Around a thousand Quakers will be converging on London this weekend to take part in Britain Yearly Meeting – the annual meeting of Quakers in Britain. The event is used to discern the way forward for Quakers in Britain.
One of the key developments of this year’s yearly meeting is a continuing to make the involvement of young people integral to the whole event. Around 100 children and young people aged up to 15 will take part in programmes tailored to their age groups but they will all come together to join the other worshippers in an all-age worship on the Sunday.
Additionally, 15 to 18 year olds are encouraged to attend the main sessions and to have an adult accompanier. The accompaniment scheme aims to encourage young people’s independence within the yearly meeting and the hope is that they will feel confident to continue their participation in Quakerism.
The 15-18 year olds will also benefit from age-based social activities including picnics, discussions on the sessions they attend, bowling and informal chats.
The 11-15 year olds will be involved in activities on the theme of ‘trust me I’m a Quaker’!
Recording clerk Paul Parker said: “As well as looking at the issues that have occupied Quakers during the year, like our support for equal marriage, economic justice and sustainability, we’ll consider discipline and discernment. Yearly Meeting (YM) in which we conduct our business, is also a meeting for worship based on silence. It is the belief that God’s will can be recognised through the discipline of silent waiting which distinguishes our decision-making process from the secular idea of consensus.”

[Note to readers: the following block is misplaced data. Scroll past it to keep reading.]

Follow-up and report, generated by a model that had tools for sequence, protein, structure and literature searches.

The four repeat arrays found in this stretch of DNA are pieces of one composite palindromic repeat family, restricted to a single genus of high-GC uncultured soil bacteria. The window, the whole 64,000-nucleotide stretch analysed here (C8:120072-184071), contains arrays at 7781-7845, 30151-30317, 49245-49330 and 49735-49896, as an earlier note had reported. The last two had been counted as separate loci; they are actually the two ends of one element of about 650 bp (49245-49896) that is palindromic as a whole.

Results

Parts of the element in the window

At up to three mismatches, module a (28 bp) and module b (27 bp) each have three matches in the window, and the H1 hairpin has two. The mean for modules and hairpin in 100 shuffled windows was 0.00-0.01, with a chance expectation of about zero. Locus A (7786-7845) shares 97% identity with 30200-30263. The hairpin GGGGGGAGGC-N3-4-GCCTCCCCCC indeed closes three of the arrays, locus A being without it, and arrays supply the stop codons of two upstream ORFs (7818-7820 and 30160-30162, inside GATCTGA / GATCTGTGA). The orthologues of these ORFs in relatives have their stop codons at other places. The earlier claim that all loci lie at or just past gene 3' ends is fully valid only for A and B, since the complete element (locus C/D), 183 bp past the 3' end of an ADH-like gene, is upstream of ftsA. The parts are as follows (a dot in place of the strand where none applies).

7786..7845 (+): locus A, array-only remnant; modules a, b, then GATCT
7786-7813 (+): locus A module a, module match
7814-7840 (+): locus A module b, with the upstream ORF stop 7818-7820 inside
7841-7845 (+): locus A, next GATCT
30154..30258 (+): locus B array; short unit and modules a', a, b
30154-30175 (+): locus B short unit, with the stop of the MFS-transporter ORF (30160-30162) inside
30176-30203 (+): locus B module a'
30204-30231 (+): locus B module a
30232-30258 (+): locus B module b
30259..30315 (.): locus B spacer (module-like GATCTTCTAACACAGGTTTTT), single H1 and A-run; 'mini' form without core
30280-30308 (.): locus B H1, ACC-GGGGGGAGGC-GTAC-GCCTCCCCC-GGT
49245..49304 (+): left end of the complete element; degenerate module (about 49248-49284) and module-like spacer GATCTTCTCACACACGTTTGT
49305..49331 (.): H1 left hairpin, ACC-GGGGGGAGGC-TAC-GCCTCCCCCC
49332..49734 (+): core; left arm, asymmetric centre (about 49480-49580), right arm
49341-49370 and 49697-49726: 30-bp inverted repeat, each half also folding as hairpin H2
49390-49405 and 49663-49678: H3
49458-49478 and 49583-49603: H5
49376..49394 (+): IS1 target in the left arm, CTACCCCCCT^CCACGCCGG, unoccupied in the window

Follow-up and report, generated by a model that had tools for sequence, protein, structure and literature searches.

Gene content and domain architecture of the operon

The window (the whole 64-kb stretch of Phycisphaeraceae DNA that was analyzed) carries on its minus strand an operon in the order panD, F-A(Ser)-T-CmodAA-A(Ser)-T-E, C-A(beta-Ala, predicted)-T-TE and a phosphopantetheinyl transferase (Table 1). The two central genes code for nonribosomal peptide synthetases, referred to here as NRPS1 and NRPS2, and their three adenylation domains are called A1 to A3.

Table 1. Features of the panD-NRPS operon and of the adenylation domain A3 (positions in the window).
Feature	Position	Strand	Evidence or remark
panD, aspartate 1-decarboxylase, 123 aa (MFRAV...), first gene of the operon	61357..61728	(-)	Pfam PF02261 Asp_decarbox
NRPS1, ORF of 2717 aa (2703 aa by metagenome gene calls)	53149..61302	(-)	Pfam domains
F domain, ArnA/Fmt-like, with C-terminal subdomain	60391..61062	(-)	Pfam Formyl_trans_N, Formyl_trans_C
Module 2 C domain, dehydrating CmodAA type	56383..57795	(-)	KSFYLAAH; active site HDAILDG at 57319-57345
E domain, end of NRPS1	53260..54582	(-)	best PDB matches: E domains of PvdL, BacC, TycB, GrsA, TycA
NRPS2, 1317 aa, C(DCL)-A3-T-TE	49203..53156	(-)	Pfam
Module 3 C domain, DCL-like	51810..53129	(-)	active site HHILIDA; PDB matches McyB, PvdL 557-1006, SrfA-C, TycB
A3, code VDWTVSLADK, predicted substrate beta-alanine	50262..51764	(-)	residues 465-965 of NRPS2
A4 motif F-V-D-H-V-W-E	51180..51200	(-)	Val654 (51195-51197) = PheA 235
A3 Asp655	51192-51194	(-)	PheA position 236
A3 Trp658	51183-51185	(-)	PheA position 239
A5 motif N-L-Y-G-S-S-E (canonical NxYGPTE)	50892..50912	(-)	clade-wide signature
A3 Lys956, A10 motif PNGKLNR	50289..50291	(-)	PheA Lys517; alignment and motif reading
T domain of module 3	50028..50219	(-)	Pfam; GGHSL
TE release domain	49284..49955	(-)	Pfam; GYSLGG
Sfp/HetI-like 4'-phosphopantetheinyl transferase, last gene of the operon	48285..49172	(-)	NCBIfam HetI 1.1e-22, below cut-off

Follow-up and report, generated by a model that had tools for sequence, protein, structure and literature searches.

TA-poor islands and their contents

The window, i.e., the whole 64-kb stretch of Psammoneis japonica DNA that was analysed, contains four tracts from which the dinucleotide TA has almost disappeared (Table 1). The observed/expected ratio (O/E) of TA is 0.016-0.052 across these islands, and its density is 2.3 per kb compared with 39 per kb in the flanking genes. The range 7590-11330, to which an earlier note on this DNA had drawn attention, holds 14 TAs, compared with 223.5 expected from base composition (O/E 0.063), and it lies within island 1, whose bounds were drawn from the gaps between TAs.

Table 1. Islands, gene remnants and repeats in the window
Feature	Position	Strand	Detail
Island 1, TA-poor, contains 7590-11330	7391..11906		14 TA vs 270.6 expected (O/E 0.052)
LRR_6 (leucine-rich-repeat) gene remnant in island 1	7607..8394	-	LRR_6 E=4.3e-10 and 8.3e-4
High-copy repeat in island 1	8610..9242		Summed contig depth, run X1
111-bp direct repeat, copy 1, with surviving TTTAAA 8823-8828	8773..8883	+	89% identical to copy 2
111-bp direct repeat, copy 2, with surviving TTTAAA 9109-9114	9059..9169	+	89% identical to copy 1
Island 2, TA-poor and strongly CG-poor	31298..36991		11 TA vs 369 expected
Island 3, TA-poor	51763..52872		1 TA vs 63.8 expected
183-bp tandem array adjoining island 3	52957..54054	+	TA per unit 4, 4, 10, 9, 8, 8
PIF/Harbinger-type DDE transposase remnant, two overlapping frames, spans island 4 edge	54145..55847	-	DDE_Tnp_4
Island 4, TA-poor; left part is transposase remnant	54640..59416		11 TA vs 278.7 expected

There will be exhibitions, including one on the Northern Friends Peace Board, celebrating its centenary with a conference and walk of witness from RichmondCastle, where conscientious objectors were imprisoned during World War I, to Menwith Hill, US base in North Yorkshire.
Mimi Barton, vice president of the National Committee of the Women’s World Day of Prayer, will attend as an interchurch visitor hosted by the Quaker Committee for Christian and Interfaith Relations (QCCIR). On Sunday, rabbi Laura Janner Klausner, will attend as the interfaith visitor of QCCIR. She is rabbi to the Movement for Reform Judaism and chairperson of the British Friends of Rabbis for Human Rights.
Twitter users have been encouraged to tweet using the hashtag #bym13 though people are requested not to use social media during worship. In recent years journalists external to the Quaker world have been allowed to attend sessions of yearly meeting, through prior arrangement with the media team of Quakers in Britain.